The rivers abound with salmon, and the lakes with pike, barbel, eels, and trout; the wilds with reindeer, black and white bears, wolves, foxes, hares, mountain cats, martens, and otters, with a few ermines, porcupines, and beaver; the birds are white grouse, ptarmigan, spruce game, gray plover, a great variety of water fowl, the white-tailed eagle, and several varieties of hawks. Mosquitoes are as abundant as in more southern climates. Dogs and reindeer are the only domesticated animals, both being used as beasts of draught. - The main wealth of Labrador is in its fisheries, in which, besides the settlers on the coast, a large number of schooners from Newfoundland, the Canadian provinces, and the United States (citizens of which by treaty have the right to take and cure fish on the shore E. of Mount Joly, lon. 61° 40', near the mouth of the St. Lawrence river) are engaged, employing during the fishing season probably 30,000 men. According to official reports, the exports from the Labrador coast subject to Newfoundland in 1873 were valued at $1,132,935, the chief items being 303,208 quintals of codfish, 4,536 gallons of seal oil, 31,004 of cod oil, 1,467 tierces of salmon, and 43,413 barrels of herring.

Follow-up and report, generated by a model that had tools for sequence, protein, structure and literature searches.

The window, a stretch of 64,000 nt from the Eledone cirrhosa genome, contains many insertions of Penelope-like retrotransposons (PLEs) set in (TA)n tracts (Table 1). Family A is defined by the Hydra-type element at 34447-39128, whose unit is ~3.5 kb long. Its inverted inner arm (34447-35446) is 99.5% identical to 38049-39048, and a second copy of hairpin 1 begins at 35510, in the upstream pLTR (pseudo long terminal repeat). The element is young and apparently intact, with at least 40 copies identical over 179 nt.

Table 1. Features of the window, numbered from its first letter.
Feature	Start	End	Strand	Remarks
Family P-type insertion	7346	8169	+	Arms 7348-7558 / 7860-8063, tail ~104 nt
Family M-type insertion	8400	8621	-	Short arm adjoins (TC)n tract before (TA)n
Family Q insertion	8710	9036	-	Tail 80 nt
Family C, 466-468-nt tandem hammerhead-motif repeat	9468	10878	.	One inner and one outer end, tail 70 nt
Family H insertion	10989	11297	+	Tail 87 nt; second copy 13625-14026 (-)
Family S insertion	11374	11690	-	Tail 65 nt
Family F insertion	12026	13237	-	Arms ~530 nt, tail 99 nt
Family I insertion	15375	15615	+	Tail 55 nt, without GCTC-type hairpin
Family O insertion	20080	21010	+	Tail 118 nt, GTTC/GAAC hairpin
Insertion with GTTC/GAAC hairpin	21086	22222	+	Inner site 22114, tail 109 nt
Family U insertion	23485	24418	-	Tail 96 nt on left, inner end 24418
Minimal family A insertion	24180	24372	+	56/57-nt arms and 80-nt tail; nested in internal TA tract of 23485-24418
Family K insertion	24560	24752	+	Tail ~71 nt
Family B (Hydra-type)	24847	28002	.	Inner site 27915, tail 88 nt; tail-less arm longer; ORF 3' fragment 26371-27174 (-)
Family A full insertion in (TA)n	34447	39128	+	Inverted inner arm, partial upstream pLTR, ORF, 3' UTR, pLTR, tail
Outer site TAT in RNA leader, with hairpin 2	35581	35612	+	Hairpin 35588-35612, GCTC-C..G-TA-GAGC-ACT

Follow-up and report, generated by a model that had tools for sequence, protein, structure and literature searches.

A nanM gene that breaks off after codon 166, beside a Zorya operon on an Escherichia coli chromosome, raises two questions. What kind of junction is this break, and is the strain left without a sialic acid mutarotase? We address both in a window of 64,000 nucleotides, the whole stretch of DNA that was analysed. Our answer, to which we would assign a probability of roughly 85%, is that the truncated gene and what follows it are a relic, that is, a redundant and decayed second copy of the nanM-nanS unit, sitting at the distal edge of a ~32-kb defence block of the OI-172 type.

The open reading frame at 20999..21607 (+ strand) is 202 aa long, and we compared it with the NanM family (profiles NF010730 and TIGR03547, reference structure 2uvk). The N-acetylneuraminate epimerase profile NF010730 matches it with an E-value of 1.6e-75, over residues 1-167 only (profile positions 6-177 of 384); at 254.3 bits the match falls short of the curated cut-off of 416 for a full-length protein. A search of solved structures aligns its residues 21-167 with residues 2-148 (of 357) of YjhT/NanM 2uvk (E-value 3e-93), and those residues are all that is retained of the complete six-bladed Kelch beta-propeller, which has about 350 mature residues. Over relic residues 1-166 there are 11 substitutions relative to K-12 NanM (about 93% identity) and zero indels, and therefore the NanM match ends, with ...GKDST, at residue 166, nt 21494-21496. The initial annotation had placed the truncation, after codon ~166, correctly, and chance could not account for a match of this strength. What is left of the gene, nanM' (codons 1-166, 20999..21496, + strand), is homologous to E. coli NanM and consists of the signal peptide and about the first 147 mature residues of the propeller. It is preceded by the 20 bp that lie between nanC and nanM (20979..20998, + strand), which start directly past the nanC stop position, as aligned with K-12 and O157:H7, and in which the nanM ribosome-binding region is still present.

The value of the fisheries of the Quebec portion for the year ending June 30, 1873, was $518,140, the chief items of catch being 92,800 quintals of codfish, 8,146 barrels of herring, salmon to the value of $41,135, 7,225 seals, 26,975 gallons of seal oil, 400 of whale oil, and 23,283 of cod oil. These figures do not include large quantities of fish taken to St. John's, Harbor Grace, and other Newfoundland ports, and thence exported to foreign countries, nor the catch of American and Nova Scotian fishermen. It is estimated that the total annual value of the fisheries on the Labrador coast is more than $5,000,000. The shores and adjacent islets are also resorted to for sea-fowl eggs. - Labrador was discovered by John Cabot in 1497. His son, Sebastian Cabot, who accompanied him in that voyage, subsequently again visited the coast, and entered and partly surveyed Hudson bay, giving names to several places. Henry Hudson explored the coast in 1610, after his discovery of the river which bears his name, passed through the strait now called Hudson strait, and entered the great bay, to which also he gave his name.

The Portuguese called the country Terra Lalorador, or cultivable land, a misnomer equal to that of Greenland. About the middle of the last century a settlement was formed on the coast by Mr. Darby, an American, for the purpose of establishing a whaling station and civilizing the Esquimaux; but the Indians made a descent on it, murdered many of his men, and broke it up. - See "A Journal of Transactions and Events during a Residence of nearly Sixteen Years on the Coast of Labrador," by G. Cartwright (3 vols., Newark, Eng., 1792); and " Explorations in the Interior of the Labrador Peninsula," by Henry Youle Hind (2 vols., London, 1863).